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WORLD AFFAIRS VIEWED BY OBSERVERS ABROAD.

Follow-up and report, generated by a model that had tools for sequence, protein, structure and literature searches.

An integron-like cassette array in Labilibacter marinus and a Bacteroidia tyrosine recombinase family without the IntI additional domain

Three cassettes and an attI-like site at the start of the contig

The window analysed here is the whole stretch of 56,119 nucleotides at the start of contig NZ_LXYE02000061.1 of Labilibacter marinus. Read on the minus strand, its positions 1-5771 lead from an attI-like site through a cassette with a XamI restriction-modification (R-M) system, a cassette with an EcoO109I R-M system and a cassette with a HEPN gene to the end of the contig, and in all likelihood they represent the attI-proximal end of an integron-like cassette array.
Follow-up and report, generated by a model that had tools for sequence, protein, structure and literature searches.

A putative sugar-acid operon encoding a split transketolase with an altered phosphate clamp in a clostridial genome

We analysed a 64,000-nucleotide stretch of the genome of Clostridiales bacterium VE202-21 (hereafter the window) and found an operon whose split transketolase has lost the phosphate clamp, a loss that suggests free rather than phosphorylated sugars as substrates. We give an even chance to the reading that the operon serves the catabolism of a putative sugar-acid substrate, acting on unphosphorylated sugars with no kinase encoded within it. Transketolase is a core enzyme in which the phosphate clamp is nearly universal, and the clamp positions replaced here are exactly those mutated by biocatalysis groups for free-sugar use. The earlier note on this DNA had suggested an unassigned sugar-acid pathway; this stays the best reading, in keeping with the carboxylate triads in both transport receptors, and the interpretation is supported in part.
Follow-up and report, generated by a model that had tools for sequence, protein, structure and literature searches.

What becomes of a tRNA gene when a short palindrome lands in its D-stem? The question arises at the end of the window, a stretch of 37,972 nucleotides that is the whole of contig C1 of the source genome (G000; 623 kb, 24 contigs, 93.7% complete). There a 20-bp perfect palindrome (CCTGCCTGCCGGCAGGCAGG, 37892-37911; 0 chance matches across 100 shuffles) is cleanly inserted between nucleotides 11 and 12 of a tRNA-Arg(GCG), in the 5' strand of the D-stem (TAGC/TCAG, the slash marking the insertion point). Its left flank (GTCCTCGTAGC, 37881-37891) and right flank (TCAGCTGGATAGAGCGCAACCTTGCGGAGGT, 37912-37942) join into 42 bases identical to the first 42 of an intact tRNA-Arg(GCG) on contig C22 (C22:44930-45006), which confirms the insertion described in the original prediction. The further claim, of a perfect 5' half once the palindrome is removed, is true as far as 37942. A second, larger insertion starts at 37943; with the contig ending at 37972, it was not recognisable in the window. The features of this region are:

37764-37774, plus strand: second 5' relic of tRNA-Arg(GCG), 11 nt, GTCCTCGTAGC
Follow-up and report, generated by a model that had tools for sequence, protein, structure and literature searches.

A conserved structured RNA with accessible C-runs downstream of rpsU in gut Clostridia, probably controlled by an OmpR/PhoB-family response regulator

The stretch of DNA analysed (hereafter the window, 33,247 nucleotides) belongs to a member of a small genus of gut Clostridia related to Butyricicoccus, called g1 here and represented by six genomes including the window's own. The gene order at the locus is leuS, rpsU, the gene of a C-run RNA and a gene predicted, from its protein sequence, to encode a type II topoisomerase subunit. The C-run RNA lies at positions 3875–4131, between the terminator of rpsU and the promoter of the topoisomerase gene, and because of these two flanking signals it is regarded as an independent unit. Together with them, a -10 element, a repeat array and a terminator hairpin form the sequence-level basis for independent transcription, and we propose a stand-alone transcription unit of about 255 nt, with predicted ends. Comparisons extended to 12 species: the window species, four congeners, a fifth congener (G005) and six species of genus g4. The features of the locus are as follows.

WITHHOLDING ANGLO JAPANESE CONVENTION. rSjwclai by F^aneh Cable to The Trlbon«.J rCopyrijrht. 1905. by The Tribune Association. ] London. Sept. 16.— The delay in the publica tion of the text of the Anglo-Japanese conven tion has enabled the croakers to borrow much needless trouble. Veterans of the Indian army are disturbed by the idea that anything like an Oriental guarantee for the security of India should be regarded as necessary or expedient. They fear it will be considered a sign of weak ness if England, after governing hundreds of millions of Asiatics since the days of Clive and Hastings, now falls back upon the good office* of a victorious Oriental race for support in an emergency. The forced retirement of Lord Cur sor., they say. was bad enough when he had rashly condemned military despotism and chal lenged Lord Kitchener's right to control the military administration, but the open oonfession that England may need the assistance of Japan to keeping Russia back from the Indian frontier Berr Otnsn. Hear Aietmade*. Eerr Mich si— l fw*rj (Premier.) Is even more disturbing. Our Indian subjects, say the pessimistic critics, will despise Instead of fearing us, and our own people will be ashamed of anything like dependence upon an Oriental power. Men in touch with the Foreign Office ridicule these forecasts as craven and morbid. They assert that the text of the treaty has been held back until the armistice has been arranged and that Mr. Balfour will now pro <Tuce the convention promptly without the risk of exciting criticism here or in India. The re awakanlng of the East is a fact, whether it is noognlxed in the convention or not. Japan, after a victorious war, is an ally whose support is more valuable th"" It was, and the revived con vention naturally Involves a quid pro quo and an exchange of guarantees. The government would not have been Justified in increasing the range of her own obligations without receiving an equivalent advantage. ANOTHER EXPLANATION OF DELAY There is another explanation of the delay in revealing the text of the new treaty. This Is the understanding reached in October, 1900, be tween Eng land and -Germany that they would co-operate if any power should obtain territo rial advantages in China. If Russia was the power In rninri it is now Japan that has secured Port Arthur ""I is the predominating Influence at Peking »nA Germany may be ««king for as surances that the new status is in accord with the Anglo-German understanding. There are persistent rumors that negotiations are in prog ress between the British and the German For eign Offices on »*•<» subject. If these be trust worthy, the text of the convention between Eng land and Japan may not be published for several WELL KNOWN MEN IN LONDON. While London remains dull, notwithstanding the opening of the theatres, there are a good many interesting people here on various errands. X>r. Morrison, one of the best known members of the "Times'" staff, is here from America after a prolonged absence in China, which ne ftn« known more intimately than any other for eigner except Sir Robert Hart. Dr. Nansen is also hovering about the Foreign Office and not making special efforts to renew his acquaintance with the members of the Royal Geographical Society. As one of the Norwegian leaders, he la taking an Intense Interest in the question of fortresses, and apparently believes that it will be settled without an appeal to arms, and that the danger of the situation has been exagger ated. Arbitration certainly will be employed If all other resources CaiL The dynastic question is more serious than the demand for the de struction of the forts and the establishment of a neutral rone. Prince Charles of Denmark re mains the most convenient candidate for the throne, but his succession is not likely to occur without a meeting between King Edward and the German Emoeror. General Chaffee and the other American offi cers are expected to arrive in London next week from France. Judge Penneld is here from Washington. Judge Goodrich sails next week for New- York without being able a, complete his work In connection with the maritime con ference. E. R. Keujiedy has gone back on the Celtic without ha.vi£g secured Lord Rosebery*s acceptance of the invitation to speak at the New-England Society's dinner. Mr. Gillette has been more warmly welcomed by London audiences than his new medical play, "Clarisse." The action of the piece has beer; quickened since the first night, and the actor's marked individuality now triumphs over the rather far fetched plot and unpleasant pul monary theme. Marie Dodo ie so charming as Dr. Humphreys' Seventy- Seven breaks up Grip and COLDS Lassitude iB the premonitory symptom of a Cold Even before the shiver, the sneeze or scrappy throat, comes that feeling of weakness This is the time when a stitch In time saves .nine. If you will recognize a Cold at this stage. It is easy to break it up with a few doses of I>r Humphreys' Specific "Seventy-seven.** Later on "77" Is equally useful but the cure Is rv»T s<i rjKl<?k A! Druggists or mailed. 'Si eta. >£B?MedteaJ <>u!<ii- mailed fret. Uuxtahray* Homco. Jlefllcms Co.. Cor. WUll&m uttf *•*» fltnMU. M«w Km*. IMAGINATIONS OF SOME FRENCH JOURNALISTS. tSp«clii by Franch Cable to The Tribune.! [Copyright. 1906. by The Tribune Association.] Paris. Sept. 16.— French Journalists have often proved thoroughly capable of brilliant reporting, and they, as a rule, give a fine literary turn to the simplest paragraphs, but theirs is the Latin imagination, and it occasionally runs riot. The success of American reporters has become legendary here, but with the legend has grown up the totally erroneous belief that the Amer ican papers require solely sensation, and are Indifferent as to whether the sensation is based on fact or not. Under the impression they are thus following the American lead, certain French journalists permit themselves exaggera tions and deliberate inventions, which no self respecting press should tolerate. One of the most extraordinary Instances of this kind was an alleged interview, published some time ago in the "Libre Parole," M. Drumonfs antl-semitio organ, between a journalist named Gaston Mery, MEMBERS OF THE PROVISIONAL GOVERNMENT OF NORWAY. tr^mr. Tliirtir— aw Bon, Hair X4>viaa4. M. O. HTmni— n (JuatioaO CForaica AffaJm) now a municipal co-undllor, and the mother of M. Brisson, who was then President of the Chamber of Deputies. The old lady was repre sented as insane, owing 1 to her son's brutal treatment, and it was in a lunatic asylum that the alleged conversation took place. The story was in such detail that a most painful impres sion in parliamentary circles was produced by Its publication, and M. Brisson found it neces sary publicly to explain that his mother had been dead for years. The late Ivan de Woestyne, known as the king of reporters, was more famous for outrageous indiscretions than for actual inventions, and it was his boast during the Russo-Turkish "War that he had crept Into the commander in chiefs tent and stolen the plan of campaign. He was caught, however, tried by court martial and nar rowly escaped being shot. The accusations brought against Mr. Rothschild's dishonesty in the "Libre Parole" is another famous instance of unscrupulous invention on the part of a French Journalist. At the trial which followed, the writer. Bflouard Drumont, coolly explained that the proofs of his statements were purely moral and he had no tangible evidence in sup port of them. The French law, however, is severe in Its punlßhment of libel, and the re spectable organs in Paris, such as the "Figaro," the "Temps" and the "Gaulois." which frequent ly publish the most sensational news, would not retain for a moment on their staffs a corre- the heroine and Lucille la Feme Is so clever as the dark colored Clancy that the success of this Virginia play Is a foregone conclusion at the Duke of York's Theatre. The dinner scene in the s&oond act is highly amusing and the ex posure of the villain's imposture and the final unravelling of the skein are decidedly original. The Kendals have reopened the St. James's The atre with a characteristic display of old fash ioned acting in Ernest Hendrie's play, "Dick Hope." Mrs. Kendal repeats her usual achieve ment of acting with a narrow range, but with perfection of method. Hall Came started this noon for America by the Umbria with his brother and son to witness the foreign run of "The Prodigal Son." V*~. L. Courtney will also go to ■Washington to see Olga. Nethersole in "La Dedal*." WORCESTER MUSICAL FESTIVAL. The Worcester musical festival has been a personal triumph for Sir Edward Elgar, whose works have been splendidly produced and have rivalled Handel In drawing power. He has sup plied at least one-fourth of the scores for the festival and has been received with distinction as the greatest living English composer. A large group of American musicians have attend ed the festival MAY SAVE "AULD BRIG OF DO OX." Sir "William Arrol, contructor of the Forth and Tay bridges, has been empowered by the Ayr Council to report on the condition of Burns'a "Auld Brig" and the practicability of preserving It. A new bridge will be safer and more useful, but the ultimate triumph of sentiment is ex pected. As Scotland is unimaginable without Bums, so Ayr would not be itself without the "Auld Brig." The brilliant literary gathering In the west of England is a proof that the fame of the Poet Crabbe. long neglected, is secure. Dr. Garnett, Percy Fitzgerald and other faithful Johnsonians have gone to Litchfleld over Sunday for the an nual supper at the tavern which Boswell loved. MEMORIAL TABLETS IN LONDON. The London County Council has been marking with memorial tablets Leigh Hunt's Chelsea home and the Toung-st. house where Thackeray wrote "Vanity Fair," "Pendennis" and "Henry Esmond," and gave a dinner party to the shy Charlotte Bronte. A familiar London landmark, the obelisk at St. George's Circus, has been re moved to a site opposite St. George's Cathedral, to make room for a brand new clock tower. It is a pretentious milestone, recording the name of Lord Mayor Crosby, who was Imprisoned in the tower for releasing a printer, arrested for vio lating the rules of the House of Commons. SOT TO MARK RHODES'S GRATE. The ultimate destination of Watts's fine status of "Physical Energy" Is not the Matoppo Hills, but Cape Town. Cecil Rhodes wanted no monu ment over his lonely grave, but expressed a wish to have his own name inscribed on the base of the statue as one who had faith In the comple tion of the Cape to Cairo Railway. The impending visit of the Duke of Connaught to South Africa is a reminder of his own eager ness to go to the seat of war and his reluctant acquiescence in Queen Victoria's wishes. His friends consider his present position of inspector general as unsatisfactory and complain that the reputation of one of the best soldiers in the British army has been sacrificed to a futile mil- , itaiT reorganization schema, X. »• M, I NEW-YCRK DAILY TP,TRr>TE. SUNDAY. PEPTOrBER 17. 1905. spondent or reporter who deliberately invented an interview or grossly misrepresented it. DEATH OF R£NE GOBLET. The death of M. Goblet, former Prime Min ister and Minister of Foreign Affairs, has no political significance, for Rene Goblet defi nitely retired from active public life some time ago. but both his adversaries and his friends agree that the Republican party loses In him a grand example of probity and unswerving loyalty to liberal principles. He was one of the most diminutive men who ever sat In the Cham ber of Deputies, and was about half a head shorter than M. Thiers. Irascible to excess, he came near to picking up a glove which Bismarck threw down to France over the now half for- Schnaebel incident, but was saved by the sound common sense which so rarely deserts Frenchmen. His determination not to sacrifice the nation's peace to a trumpery question of amour propre established the precedent which M. Rouvier has so wisely followed In the Morocco negotiations. SPEED OF EXPRESS TRAINS. The travelling public and railroad men will be interested to learn that the French official rail way inspection reports confirm the conclusions Iff. C. Knuflstn. Heir Vtn>. (Public Instruction.) B«rr IjenmMcht. of M. Volsin. statistician and engineer, published in the August number of the "Revue Generale de Chemins de Fer," in which it was shown by application of the method of calculation adopted by Mr. Tunell that the average rate of speed of passenger trains in France considerably exceeds that of similar trains in the United States, Eng land and Germany. Moreover, a comparison of the quickest two trains in France, namely, the Sud Express, between Pariß and Bordeaux, and the Cote d'Azur, between Paris and Nice, and of what the French experts consider the fastest two trains in America, namely, the Empire State Express and the Twentieth Century Lim ited, gives the following result in favor of France: The average speed an hour of the Sud Express is 92 kilometres 900 metres, of the Cote d'Azur 89 kilometres GOO metres, against the Empire State Express's 92 kilometres 300 metres, and the Twentieth Century Express's 82 kilometres 500 metres. That is to say, the fast est train of all is the French Sud Express, which averages 57 miles 1.424 yards, against the Em pire State Express, which, according to the French inspection reports, average* 57 miles 828 yards, an hour. GENERAL CHAFFEE'S PLANS. General Chaffee is much pleased with the cordiality of his reception by General Brugere at the French manoeuvres, and when his mission is concluded in France he will go for a short visit to England, first to London, and then to Wrest Park, in Bedfordshire, where he and hlfl suite will be entertained by the American Am bassador. OPENING OF THEATRICAL SEASON. The theatrical season has opened with an amusing farce, In three acts, at the Nouveautes, entitled "Dlx Minutes d'Arret." or. "Ten Min utes to Wait," in which the austere manners of the typical French Academician are cleverly caricatured. The nephew and the daughter of two Academicians are, according to the pro gramme of their elders, to be brought together for the purpose of being betrothed, but an old servant, opposed to the match, paints each to the other in repulsive colors. They meet acci dentally in a railway station where a train is delayed, and there fall in love. Their flirtation is completed by marriage, when they discover each other's identity. Mile. Lender made a great hit in the chief female role, playing with extraordinary subtlety and charm. In fact, she saved M. Duval's piece, which otherwise was voted somewhat trivia!. PROF. ATKINSON'S RETURN. George F. Atkinson, professor of botany at Cornell, sails for America with a collection which he will present to the herbarium of Cor nell University for comparison with American fungi and for purposes of study generally. Reports from the French Niger state that great success is being obtained there with the cultivation of American cotton, principally Mississippi Rive: - with which hundreds of acres are now planted. c. i. a. THE CHOLERA REPORT. Marked Decrease in Sere Cases in Gen" Berlin. Sept. 16, 5:06 p. m.— The official bulletin issued to-day announces that three fresh cholera cases and one death from the disease occurred daring the twenty-four hours endinar at noon to-day, making the totals 190 cases and 60 deaths. Breslau, Prussia, Sept. If..— One fresh case of cholera has occurred In this district. Marienwerder, West Prussia. Sept. 16.-Four new cholera cast death have been re ported in this district Dirschau, Prussia, Sept. 16.— One new case of . bolera and one death "have occurred in this district. Stettin. Prussia, Sept. 16— A butcher boy died here to-<iay. probably of cholera. DUTCH KILLED AND CAPTURED. Tht- Hague, Sept 10 -An official dispatch re por's a successful raid made by the pretender Sonnebait. of the Timor Archipelago, who re cently invaded Dutch territory killing thirty twopersons and carrying off sixty-two captives. FOREIGN CAPITAL IN JAPAN. T< kio Bept. 16.— According to reliable statis tics J the amount of foreign capital invested in Japanese industries at the beginning of the war was only 51.000.0i10. Foreigners, it is added. have recently been buying Japanese bonds free ly causing an appreciation unexpected after the unsatisfactory peace. The Quotations are new SI V) higher than at the beginning of the month. "I ACHE FRflfVi HFAD TO FOOT " Suffered Two . I HUIBiU I IWrlTl lit Ail lv § UU Completely Dl*. This Is the Complaint of Thousands of Women Suf fering With Pelvic Catarrh. PERUNA Is the Remedy That Promptly Cures All of These Cases. A Former Invalid Writes Let ter of Praise. MRS. VICTORIA WALLACE. 26 W. Leiffh St., Richmond. Va., writes: "I have ample cause to be grateful to you for your wonderful medicine, Pe runa. "It has saved many a woman's lifo, and eased and cured thousands of women who before dragged through life. "Thanks to your remedy, they are to day well and strong. "I am the mother of two boys, and have also had my share of life's bur dens. "At the age of thirty-six I began to have hot and cold flashes, extreme las situde and nervousness. "After I used Peruna. these symp toms disappeared and it carried me through the climacteric period safely and well. "I heartily recommend it to any sick woman, as it builds up her general health and improves her in every way." Pe-ru-na Gives Entire Satisfaction — Weary Woman Eestored to Strength and Usefulness — Eecommends Pe-ru-na. Mrs. Henry Billow, foot of Ferry street, Buffalo, X. T., writes: "1 am forty-eight years old and hart never been seriously ill in my life, but lßtely, I began to have a feeling of great weariness. "J used three bottles of Peruna which has completely restored me. "I also gave it to the children and it curpd them of sore throat. "My husband, also, uses- it as it is a safeguard. "It has been three years since we first bfg&n taking Peruna. and I shall always keep it on hand. "T have always recommended P° rur.a." Dr. Hartman's Advice. Any woman who reads these lines and feels that her case is described in whole or In part by the above symp toms should lose no time in giving Pe runa a fair trial. Address Dr Hartman. President of The Hartman Sanitarium, Colum- MEAT AND POLITICS. NEW FORCE IN GERMANY. Tariff on Food Animals Brings Up Hard Question for Government. Berlin. Sept. 16. — decision of the City Council of Berlin to call a convention of the representatives of the cities of Germany to de mand of the government, in the name of their populations, that meat and food animals be al lowed to come in free of duty, marks a new period in the pressure of the town populations for larger Influence upon the government. The agitation goes deep Into German political and social life. It is a contest of Industrial and commercial Interests for a dominating voice in the government against the landed interests. The town populations equalled that of the coun try In 1897. but the census of 1890 showed that the populations of towns of about two thou sand and above amounted to 64 8-10 per cent of the population of the country. Chancellor yon BUlow said in the Reichstag early this year that the population of towns of more than eight thousand was 64 per oent of the total population. Although this is so, the cities and those thickly packed industrial cen tres where one mining or factory town blends into another, as In the Rhlneland. have less than a third of the representation in the Reichstag. This is because there has been no redlstrlctlng of the Reichstag since the forma tion of the empire, and It is since then that Germany's Immense Industrial development has taken place. Cities and Industrial centres are also the places where socialism has the strongest in fluence. The Crown and all the conservative interests stand resolutely against increasing the Socialist representation in the Reichstag. Ber- I lin, for example, has six members, but would have fifteen members under a proportionate representation. The demand of the cities for cheaper meat has therefore constitutional and political meaning. that place the government in a difficult situa tion A way out. probably, will be a com promise. The government has taken the meat question into serious consideration. RUSSIAN WRITERS DISAGREE. Split Over Questions of Elections to Na tional Assembly. St. Petersburg, Sept. 16.— A meeting here of ! the prominent radical writers of Russia, to dls i cuss their attitude toward the National As : sembly, has developed a divergency of opinion. j The majority indorsed the platform adopted by the League of Emancipation at Moscow last week, favoring active participation in the elec tions to and sessions of the Assembly, but solely with the idea of making it a constituent As sembly, and adopting a policy of obstruction toward all business except the reconstruction of the governmental system. The minority favored an entire boycott of all the preliminary work for the establishment of the National Assembly, and expressed dissatis faction with its insufficiency. SECRETARY TAFT AT YOKOHAMA. No Formal Reception— All Quiet in the City. Yokohama, Sept. 16.-Secretary of War Will- j lam H. Taft has arrived here, and to-day re- < ceived visits from prominent citizens of Tokio, a large number of local Japanese and foreign resi dents. There was no formal reception, the visitors calling directly upon Mr. Taft at his hotel. Afterward he was the guest of M. Otanl. a prominent merchant of this city. All la quiet here. MOROCCAN CONFERENCES CONCLUDED. Paris. Sept. 16.— The Foreign Office expects to be able to Issue a definite announcement relative j to the Moroccan conference In about five days, i The conferences between Dr. Rosen, the new ! German Minister to Morocco, and Premier Rouvier, representing Germany and France, re spectively, have practically been concluded, but the detail* await submission for ratification. JAPAN HAS NEW MINIBTER OF INTERIOR. Tokio Sept. 16. 2 p. m.— resignation of Viscount Yoshikawa as Minister of the Interior has been accepted. Baron Kiyoura. Minister of Agriculture and Commerce, succeeds Viscount yShlxawa a* MinUter of tM ißSs»a*v **l* «*- t) DEY GOODS, CARPETS, UPHOLSTEEY. " Autumn and Winter Importations MONDAY, SEPTEMBEE 18, AND DUELNG THE WEEK, WILL BE DISPLAYED A COMPLETE SHOWING OF THE LATEST NOVELTIES, MANY MANUFACTUEED EXCLU SIVELY FOE US. LTON'S SILKS, SATUffS AHD CBEPES, WHITE SILKS AND SATINS FOE WED DING GOWNS, NOVELTIES FOB BEIDESMATDS' DEES SES, BEESS AND TEDOONG CHIFFON AND PANNE VELVETS, NOVELTY WOOLEN DEESS FABEICS, FBENCH BEOADCLOTHS, LACES, TEDDONGS, BUTTONS. EIBBONS, NECKWEAE, HOSIEET, TTNDEEWEAE, SUITS, COATS, WEAPS, WAISTS, FUES AND FUE COATS, NECKPIECES AND MUFFS, LINGEEIE, COESETS, INFANTS' OUTFITS, HOUSEHOLD AND DECOEATTVE LINENS, BLANKETS, COMFOETABLES AND QUILTS, MEN'S FUENISHLNGS, HANDKEECHLEFS, GLOVES. i Furniture of tHe Simple—Expressive Sort iods its strongest tkeme in obt snowing of makogiay **•*•!» far A* Dm| Room. Vhethcr for tie tpiciow room in tie dwefliag. or for tie bmitttioos tbtt tW^amt -nenr dining roo-n offers, these pieces *pp«l directly to tie seeks* tfttf p«Jy a* forniti»re. Sideboards. Tables. Closets tad Chairs, thtt ezprw ♦cetta* (iota*, tiea above tfce comtnoapUce. Grand Rapids Furniture Company (Incorporated) 34th Street West, Noa. 155-137 "MINUTE rBOM BROADWAY.* % NOT AN INTERNATIONAL EXPOSITION. Paris Merchant Borrowed the Name and Fooled Americans. Paris. Sept. 16.— -American merchants have written to Consul General Gowdy inquiring about an International exposition, which it was said was now going on in Paris. The letters in closed apparently official designations of space for American products in the various depart ments and sections of the exposition. The docu ments w^re signed "Director General." An official of the American consulate was sent to investigate the matter, and found that an obscure shop had assumed the name of "Inter national Exposition." the proprietor explaining that he had followed the usage of the Bon Marche and other Paris establishments in adopt ing a symbolical name. Mr. Gowdy has in formed the American producers of the facts. THE PORT ROYAL FORT CASE. Kingston. Jamaica. Sept. 16. — A non-commis sioned officer of the Royal Artillery, who as sisted Dr. Franklin Clarke, the amateur photog rapher of Boston, to obtain photographs of the fortifications of Port Royal, has b-?en convicted by a court martial and reduced to the ranks. BOMBS FOUND ON WRECKED STEAMER. Helslngfors, Finland, Sept. 16. — Divers have arrived at Jakobstad to thoroughly examine the wreck of the British steamer John Grafton. which was sunk by her crew on September 10, after landing a portion of her cargo of arms and ammunition on a barren island In the Gulf of Bothnia. Among the steamer's salved cargo boxes of bombs and explosives have been found, besides the rifles previously reported. The in- Proves the Righi Medicine — Adrioe td Suffering Women. Mrs. Caroline Kramer. President "Moskal el Dol." Hebrew Society, 1173 E. Lombard street. Baltimore, Md.. write« "The majority at women who are suffer ing from disordered periods and other fe rn a 1 c troubles, ha ▼ • such strong faith in doctors that they allow th'^m to experiment on them for kidney, liver or stomach trouble* until they become com pletely discouraged and their money Is gone. "This was my un fortunate experience toy nearly two years whan my attention was called to Peruna. "1 hardly dared be lieve that at last I bad found the right medi cine, but as I kept em using it and was finally cured. I could only thank God and taka courage. -I hare had moat satisfying result* from the use of your medi cine and have advised dozens of women who were suffering with woman's Ills to use Pe runa and let the doo tors alone, and those) who have followed nxr advice are better to-dan and many are folly ra stoied to health." ORIENTAL RUGS REMARKABLE OPPORTUNITY TO PARTIES daalrtna* to purchase high class Floor Cowbsc*. A heavy advantageous purchase tnanlaa ua to oBMS Antique Rugs at phenomenal prices. LOT No. I—Fine1 — Fine Antique Afghans (or Khiva. Bokhara*). 14 piece* : alzas 1 $Q7 RQ range from s*l ft. to 7.8x10.* ft I Qgm TQ These axe choice selected Run; very *•■ j-*% •ility and In rich colorings; sold rc«u- I WZn 3|| larlj for 960.00 to $12300. at * ***»"«<* LOT No. 2 of" 1 " Amaritza an! Jeypore Met In all th« latest light Persian coloring*. I Nile green, Ivory, oltf rose, pink and blue; highly suitable for drawn.* __ JQTf rooms and libraries; »lies average; WsT«Ba>Bß) 9x12 XX. IsaSM larger); actually worth from SUS.Oo to 1176.00. at J SHEPPABD HIPP & CO, SIXTH ATE.. ISTH AND UTH MS. GERMANS DEFEAT HOTTENTOTS. Berlin. Sept- 16.— official dispatch from Harushaa, German Southwest Africa, sayu Major Melsler*s column of colonial troop* en i gaged the Insurgent Hottentots westward o| i here on September 13. After five hours* fighting < the natives gave way, leaving- sixty dead. Tv« I Germans were killed, and twain, iri-'-a';^ j^^ Jvtf A^w**eSJHßU W*t ! * m Viri, t ' -A^f^ . «